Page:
The exam average on the biochemistry-focused exam was 86.5%, n=189, s.d. ±11.63. The active learning group averaged 88.73%, n=100, s.d. ±10.86 for the first exam. Additionally, the group that did not participate had an average of an 83.50%, n=63, s.d ±11.09.
Preliminary data suggest that interactive CICR sessions correlate with increased overall exam performance. Moreover, student comments suggest that many students found the CICR sessions to be a useful tool that was well received. In conclusion, interactive learning sessions that expose students to advanced order questions are valuable tools in the medical educator toolbox.
Wright State University Boonshoft School of Medicine
Problem-based learning (PBL) and inquiry case learning (IQ) are ideal teaching methods to promote self-directed learning. Transitioning from PBL to IQ can be challenging for medical students since IQ is more advanced and student time-intensive. Students begin with PBL in their preclerkship curriculum. About halfway through their second semester, students engage in a novel transitional PBL/IQ hybrid format before continuing with standard IQ for the remainder of their preclerkship . To improve student performance and comfort level, this PBL/IQ hybrid transition period was created to help students start strong when they move to dedicated IQ. This poster describes the PBL/IQ hybrid model and provides student perspectives.
An anonymous survey was given through RedCap during the final week of the 1st course with standard IQ. The survey assessed attitudes and preparedness of students for the IQ sessions, along with narrative free response for direct feedback on the hybrid model. Pearson correlation and Cronbach’s alpha were calculated to examine correlations and reliability of the survey questions.
76.74% of students found the PBL/IQ hybrid format helped their transition to the full IQ format. Additionally, students found that the hybrid format increased their confidence in the IQ format. From narrative statements, students appreciated the ability to get a feel for the IQ sessions and to lead as a team using the hybrid format. Positive correlations were found between many factors of the hybrid format (p<0.05).
Students found the PBL/IQ hybrid exposure to be helpful to transition to the IQ style of problem-based learning. In the hybrid, students had the opportunity to perform the tasks of the IQ leader as a pair of co-leaders, reducing the effort load initially, but still giving them a good overall experience of what they need to do when they conduct IQ as independent leaders.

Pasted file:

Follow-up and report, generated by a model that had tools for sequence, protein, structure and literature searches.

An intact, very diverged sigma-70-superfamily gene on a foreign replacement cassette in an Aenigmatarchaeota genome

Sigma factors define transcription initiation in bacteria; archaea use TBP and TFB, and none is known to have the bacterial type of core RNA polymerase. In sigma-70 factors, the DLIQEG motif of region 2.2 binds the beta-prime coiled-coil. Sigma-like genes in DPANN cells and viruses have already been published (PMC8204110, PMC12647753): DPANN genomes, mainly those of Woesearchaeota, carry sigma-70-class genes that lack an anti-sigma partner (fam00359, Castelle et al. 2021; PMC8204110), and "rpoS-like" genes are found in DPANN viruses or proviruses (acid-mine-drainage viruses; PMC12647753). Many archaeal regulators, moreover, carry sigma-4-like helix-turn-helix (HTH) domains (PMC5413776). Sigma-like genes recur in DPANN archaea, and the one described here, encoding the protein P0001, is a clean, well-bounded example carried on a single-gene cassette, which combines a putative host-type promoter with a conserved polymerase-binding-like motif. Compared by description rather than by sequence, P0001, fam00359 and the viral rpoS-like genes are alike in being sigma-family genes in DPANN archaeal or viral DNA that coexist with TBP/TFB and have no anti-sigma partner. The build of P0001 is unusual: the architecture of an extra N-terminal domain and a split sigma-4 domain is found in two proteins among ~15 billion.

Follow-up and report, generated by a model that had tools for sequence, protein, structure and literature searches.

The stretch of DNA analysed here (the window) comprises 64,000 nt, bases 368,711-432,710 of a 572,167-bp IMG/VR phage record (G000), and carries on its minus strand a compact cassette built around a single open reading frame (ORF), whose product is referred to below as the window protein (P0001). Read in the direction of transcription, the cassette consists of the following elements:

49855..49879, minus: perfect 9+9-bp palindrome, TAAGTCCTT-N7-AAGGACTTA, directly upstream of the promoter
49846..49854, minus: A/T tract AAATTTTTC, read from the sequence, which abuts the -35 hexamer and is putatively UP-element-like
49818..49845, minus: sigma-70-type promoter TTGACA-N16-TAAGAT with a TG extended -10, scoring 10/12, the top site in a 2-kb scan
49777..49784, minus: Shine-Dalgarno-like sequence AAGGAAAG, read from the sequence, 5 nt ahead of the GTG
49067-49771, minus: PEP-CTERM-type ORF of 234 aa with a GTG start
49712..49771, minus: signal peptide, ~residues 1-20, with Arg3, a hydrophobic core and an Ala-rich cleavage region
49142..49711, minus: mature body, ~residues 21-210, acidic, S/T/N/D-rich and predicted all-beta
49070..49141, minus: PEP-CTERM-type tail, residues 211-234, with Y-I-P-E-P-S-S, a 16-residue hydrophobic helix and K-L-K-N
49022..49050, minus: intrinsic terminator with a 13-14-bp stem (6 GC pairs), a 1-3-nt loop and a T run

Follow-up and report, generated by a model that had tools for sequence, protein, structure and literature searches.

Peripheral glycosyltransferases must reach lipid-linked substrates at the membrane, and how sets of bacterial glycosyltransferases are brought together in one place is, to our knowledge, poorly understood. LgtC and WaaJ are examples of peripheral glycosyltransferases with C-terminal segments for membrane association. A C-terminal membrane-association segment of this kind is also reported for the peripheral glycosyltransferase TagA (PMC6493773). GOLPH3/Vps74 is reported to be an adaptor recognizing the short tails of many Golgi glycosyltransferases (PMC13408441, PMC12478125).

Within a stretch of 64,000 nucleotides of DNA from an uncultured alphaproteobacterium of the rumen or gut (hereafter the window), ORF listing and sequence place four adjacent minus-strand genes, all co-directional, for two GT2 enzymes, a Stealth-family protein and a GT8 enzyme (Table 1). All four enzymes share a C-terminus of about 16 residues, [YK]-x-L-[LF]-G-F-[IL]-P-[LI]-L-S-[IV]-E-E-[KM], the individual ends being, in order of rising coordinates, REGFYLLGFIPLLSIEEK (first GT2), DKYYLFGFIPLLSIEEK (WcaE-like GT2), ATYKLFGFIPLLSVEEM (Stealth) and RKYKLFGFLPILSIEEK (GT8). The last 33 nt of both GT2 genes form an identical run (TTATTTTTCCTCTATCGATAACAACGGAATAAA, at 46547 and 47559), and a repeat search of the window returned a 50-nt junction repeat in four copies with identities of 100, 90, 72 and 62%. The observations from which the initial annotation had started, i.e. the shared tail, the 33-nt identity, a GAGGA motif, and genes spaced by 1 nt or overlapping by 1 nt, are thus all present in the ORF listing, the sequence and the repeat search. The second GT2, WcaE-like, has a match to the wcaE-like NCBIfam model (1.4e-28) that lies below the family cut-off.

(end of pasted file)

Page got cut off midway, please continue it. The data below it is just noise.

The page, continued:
University of Kansas - School of Medicine
Problem-based learning (PBL) cases at Kansas University Medical Center (KUMC) contained instances of bias and racism based on student and faculty feedback. Initial response eliminated diversity from PBL cases. The next goal was to develop a panel of PBL cases that provided diversity, inclusion and a method to teach the identification and mitigation of systemic bias in medicine.
All PBL cases were reviewed by a faculty physician using a checklist structured to identify instances of racism and bias. All PBL cases were evaluated by DHEI curriculum thread-heads for presence of racism and bias as well as for alignment with the longitudinal DHEI curriculum. A committee of faculty and students was formed to integrate feedback from the bias checklist and the DHEI committee to repair instances of bias and to rebuild diversity and inclusiveness in PBL cases.
At least one instance of bias was identified in all PBL cases. Results of the faculty bias checklist will be presented, identifying the most common instances of bias in the PBL cases at KUMC. Our structure for reintroducing diversity will be shared along with common changes to PBL cases in order to mitigate identified instances of bias.
Collaboration with DHEI faculty and a PBL committee allowed the re-building of PBL cases to represent diverse populations and improve inclusivity. The strategic effort built opportunities to enhance the longitudinal DHEI curriculum by imbedding DHEI content into PBL cases to facilitate application of the concepts in a clinical case. The methods we present can be applied by other institutions striving to provide PBL cases that promote diversity and inclusion.